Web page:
By the late 1930s, Harlem was a bustling cultural center, home to two thirds of New York City’s African-American population. The Harlem Renaissance, a robust period of literary and artistic expression, had helped put the neighborhood on the map, and a walk through its streets revealed stately houses of worship like the Abyssinian Baptist Church, a thriving music scene centered around the newly-minted Apollo Theater and esteemed institutions like the Amsterdam News.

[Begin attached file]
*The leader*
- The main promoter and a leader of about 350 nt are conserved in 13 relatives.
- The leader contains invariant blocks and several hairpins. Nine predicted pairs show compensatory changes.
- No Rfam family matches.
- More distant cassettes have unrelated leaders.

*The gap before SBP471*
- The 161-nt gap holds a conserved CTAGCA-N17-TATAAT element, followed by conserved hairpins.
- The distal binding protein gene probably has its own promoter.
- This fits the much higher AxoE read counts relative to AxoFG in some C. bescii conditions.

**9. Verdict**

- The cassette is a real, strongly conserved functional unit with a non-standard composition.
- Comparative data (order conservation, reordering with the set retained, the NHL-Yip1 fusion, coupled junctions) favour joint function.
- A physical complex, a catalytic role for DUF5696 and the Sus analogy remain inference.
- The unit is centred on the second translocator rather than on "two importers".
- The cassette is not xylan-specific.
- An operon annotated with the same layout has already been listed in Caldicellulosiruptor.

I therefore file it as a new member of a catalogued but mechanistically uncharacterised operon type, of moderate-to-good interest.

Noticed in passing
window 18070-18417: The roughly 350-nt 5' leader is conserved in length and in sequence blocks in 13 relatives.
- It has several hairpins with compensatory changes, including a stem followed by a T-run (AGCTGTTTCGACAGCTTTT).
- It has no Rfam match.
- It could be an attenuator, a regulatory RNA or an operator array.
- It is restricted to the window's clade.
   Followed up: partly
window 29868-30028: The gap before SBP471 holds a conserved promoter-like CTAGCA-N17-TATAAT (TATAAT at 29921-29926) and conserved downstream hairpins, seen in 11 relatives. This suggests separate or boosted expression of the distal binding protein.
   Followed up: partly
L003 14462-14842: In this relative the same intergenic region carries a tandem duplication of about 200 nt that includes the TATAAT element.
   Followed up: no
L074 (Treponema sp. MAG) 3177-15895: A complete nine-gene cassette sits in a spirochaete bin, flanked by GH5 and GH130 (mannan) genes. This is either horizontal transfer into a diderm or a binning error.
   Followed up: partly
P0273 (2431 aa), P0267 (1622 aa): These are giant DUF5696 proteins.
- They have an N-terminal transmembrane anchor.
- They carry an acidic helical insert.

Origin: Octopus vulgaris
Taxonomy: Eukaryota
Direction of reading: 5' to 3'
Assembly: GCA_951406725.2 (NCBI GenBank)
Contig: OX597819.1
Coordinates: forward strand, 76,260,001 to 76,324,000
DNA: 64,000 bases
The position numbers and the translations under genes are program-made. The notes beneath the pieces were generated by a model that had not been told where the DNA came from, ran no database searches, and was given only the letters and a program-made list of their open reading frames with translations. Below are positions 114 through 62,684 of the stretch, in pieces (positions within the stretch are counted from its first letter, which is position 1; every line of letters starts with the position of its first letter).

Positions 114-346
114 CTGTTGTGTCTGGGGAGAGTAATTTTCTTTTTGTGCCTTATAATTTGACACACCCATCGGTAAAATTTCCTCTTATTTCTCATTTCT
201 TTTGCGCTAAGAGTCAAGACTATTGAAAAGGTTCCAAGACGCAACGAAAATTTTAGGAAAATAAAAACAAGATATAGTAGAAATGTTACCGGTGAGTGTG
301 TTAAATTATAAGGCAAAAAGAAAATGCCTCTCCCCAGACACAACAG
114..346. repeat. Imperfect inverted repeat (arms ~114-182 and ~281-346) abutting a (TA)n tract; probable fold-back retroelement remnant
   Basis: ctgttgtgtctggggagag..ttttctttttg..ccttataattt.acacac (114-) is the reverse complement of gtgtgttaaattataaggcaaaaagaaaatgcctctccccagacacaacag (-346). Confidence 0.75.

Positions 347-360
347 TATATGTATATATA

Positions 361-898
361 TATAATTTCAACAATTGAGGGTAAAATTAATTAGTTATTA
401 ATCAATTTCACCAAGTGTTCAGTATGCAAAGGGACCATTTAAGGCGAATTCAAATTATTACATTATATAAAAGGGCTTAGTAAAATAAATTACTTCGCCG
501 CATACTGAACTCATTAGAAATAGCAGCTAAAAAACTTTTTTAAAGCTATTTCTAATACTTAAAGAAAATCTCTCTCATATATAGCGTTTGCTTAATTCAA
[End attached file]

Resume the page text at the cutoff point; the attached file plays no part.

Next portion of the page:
But as much as energy poured from behind those establishments’ doors, life was just as vibrant, if not more so, on the streets directly outside them—and that is exactly where LIFE’s Hansel Mieth took her camera while on assignment for the magazine in 1938. Mieth, whose photos of the neighborhood mostly ended up on the cutting-room floor for a sweeping story called “Negroes,” photographed boys watching grown men play checkers while women watched from second-floor windows. She trained her lens on moments both quiet and kinetic—women examining a fruit seller’s wares on the sidewalk, children marching in stride in local parades—to capture the spirit of a place in time.
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